A Clinton end run for the 2nd term President can bypass Congress on matters close to his heart

March 30, 1997|By CARL M. CANNON

WASHINGTON -- President Clinton has complained that background noise over Whitewater, Paula Corbin Jones and donations to the Democratic Party is drowning out his message. The White House is also demoralized by congressional inaction on Clinton's balanced budget proposal - the issue he calls the most important of his second term.

Nonetheless, the president is pressing ahead with an agenda of his own that does not always make headlines and that requires little support on Capitol Hill. It ranges from trying to put his lasting mark on international affairs to urging the states to accept national standards for education.

To achieve these goals, Clinton, still unable to walk unaided after knee surgery, has booked an ambitious schedule this spring that will take him to Europe four times and to state capitols nationwide.

With a Republican Congress in a wait-and-see mood, Clinton's ability to fashion domestic policy is often limited to cajoling and challenging fellow citizens. But, as his aides stress, inspiring Americans to embrace change is a vital function of modern presidents.

"He's doing his job," says Donald Baer, the White House communications director, "which is to mobilize Americans to deal with the problems we're all facing."

On foreign policy, the president has more room to make policy on his own. Although he needs Congress for such matters as ratifying treaties, Clinton negotiated with President Boris N. Yeltsin of Russia this month as the unquestioned leader of U.S. foreign policy as well as the de facto head of NATO.

"Only the president gets to do Helsinki," observes Rahm Eman-uel, a senior adviser to Clinton.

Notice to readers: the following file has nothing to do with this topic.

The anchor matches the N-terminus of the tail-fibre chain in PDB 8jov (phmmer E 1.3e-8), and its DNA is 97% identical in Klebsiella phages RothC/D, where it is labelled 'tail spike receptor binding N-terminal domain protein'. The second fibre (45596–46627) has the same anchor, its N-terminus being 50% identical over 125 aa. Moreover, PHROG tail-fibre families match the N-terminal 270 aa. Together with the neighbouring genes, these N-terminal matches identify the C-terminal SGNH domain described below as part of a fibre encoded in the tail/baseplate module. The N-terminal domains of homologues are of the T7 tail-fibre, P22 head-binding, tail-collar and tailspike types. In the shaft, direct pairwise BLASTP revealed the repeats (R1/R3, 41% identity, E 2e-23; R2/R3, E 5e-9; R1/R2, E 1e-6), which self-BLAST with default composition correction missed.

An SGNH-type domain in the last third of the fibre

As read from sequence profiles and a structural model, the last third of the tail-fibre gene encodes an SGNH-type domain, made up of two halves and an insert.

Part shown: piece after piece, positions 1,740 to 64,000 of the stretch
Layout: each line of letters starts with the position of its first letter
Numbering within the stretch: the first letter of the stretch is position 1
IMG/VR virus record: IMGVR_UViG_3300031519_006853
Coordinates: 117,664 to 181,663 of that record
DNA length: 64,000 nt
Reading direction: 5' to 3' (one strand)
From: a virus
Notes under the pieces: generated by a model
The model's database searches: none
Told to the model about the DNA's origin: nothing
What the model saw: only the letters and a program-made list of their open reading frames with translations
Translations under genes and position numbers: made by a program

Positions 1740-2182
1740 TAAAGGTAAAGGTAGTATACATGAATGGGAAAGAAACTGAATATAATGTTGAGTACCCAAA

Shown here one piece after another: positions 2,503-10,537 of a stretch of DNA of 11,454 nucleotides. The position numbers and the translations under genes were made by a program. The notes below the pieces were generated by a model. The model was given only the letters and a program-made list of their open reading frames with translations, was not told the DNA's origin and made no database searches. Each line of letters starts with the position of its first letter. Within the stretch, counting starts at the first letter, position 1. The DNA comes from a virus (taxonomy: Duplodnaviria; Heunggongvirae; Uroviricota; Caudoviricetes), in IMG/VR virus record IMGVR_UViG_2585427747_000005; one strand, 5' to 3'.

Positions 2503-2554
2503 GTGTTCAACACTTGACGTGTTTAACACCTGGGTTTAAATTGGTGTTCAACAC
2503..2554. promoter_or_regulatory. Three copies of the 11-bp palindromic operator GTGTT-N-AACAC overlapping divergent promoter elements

In coming months, Clinton wants to expand NATO and NAFTA and resume his crusade to extend health insurance to more Americans. The key issues:


Strengthening public schools is emerging as the top priority among those for which Congress is not necessarily needed. Clinton, Vice President Al Gore and Hillary Rodham Clinton approach the issue from different angles.

The first lady's focus is on small children. She has been visiting elementary schools weekly and is taking the lead role in a White House conference in April intended to identify what government can do to foster intellectual and emotional growth of infants. One of Gore's passions has been harnessing computer technology to enhance classroom quality and excitement.

The president has tried to persuade states to adopt testing standards that would provide a more accurate assessment of how children and teachers are performing.

"The most important thing we can do in education is to hold our students to high standards," Clinton told the Maryland General Assembly last month.

Maryland, which already had embraced the concept of national standards, was an easy sell. So was North Carolina, where Clinton made the same pitch this month. "Success will be incremental," says John Podesta, a deputy White House chief of staff. "But Clinton and [Education Secretary Richard W.] Riley know this, and they are willing to put in the time."

Welfare reform

Last year, Clinton signed a welfare bill that caused much consternation in Democratic ranks. His own Department of Health and Human Services warned that the bill would increase poverty. One HHS official, Peter Edelman, a longtime Clinton friend, resigned from the administration and described that law as "the worst thing Bill Clinton has done."

But Clinton had run in 1992 vowing to "end welfare as we know it," and in 1996, Republicans were poised to accuse him of hypocrisy if he vetoed the bill. Even as he signed it, the president expressed misgivings, and he vowed to "fix" the bill's flaws if re-elected.

The law's most glaring flaw, in Clinton's view, was that it allocated too little money for job training and job placement. So, he is proposing a $3 billion measure that would give money to impoverished communities to attract business or create jobs. The administration also is pro-posing a tax credit of up to $5,000 for companies that hire people off welfare.

Edelman and other liberals scoff at the president's claim that $3 billion would produce 1 million new jobs, and even administration officials concede that $3,000 per job is just a start.

"It's an investment, it's leverage, it gets you a lot of the way in the door," says Michael Kharfen, a Health and Human Services official. "Coupled with corporate efforts and new flexibility with communities, it triggers job creation."

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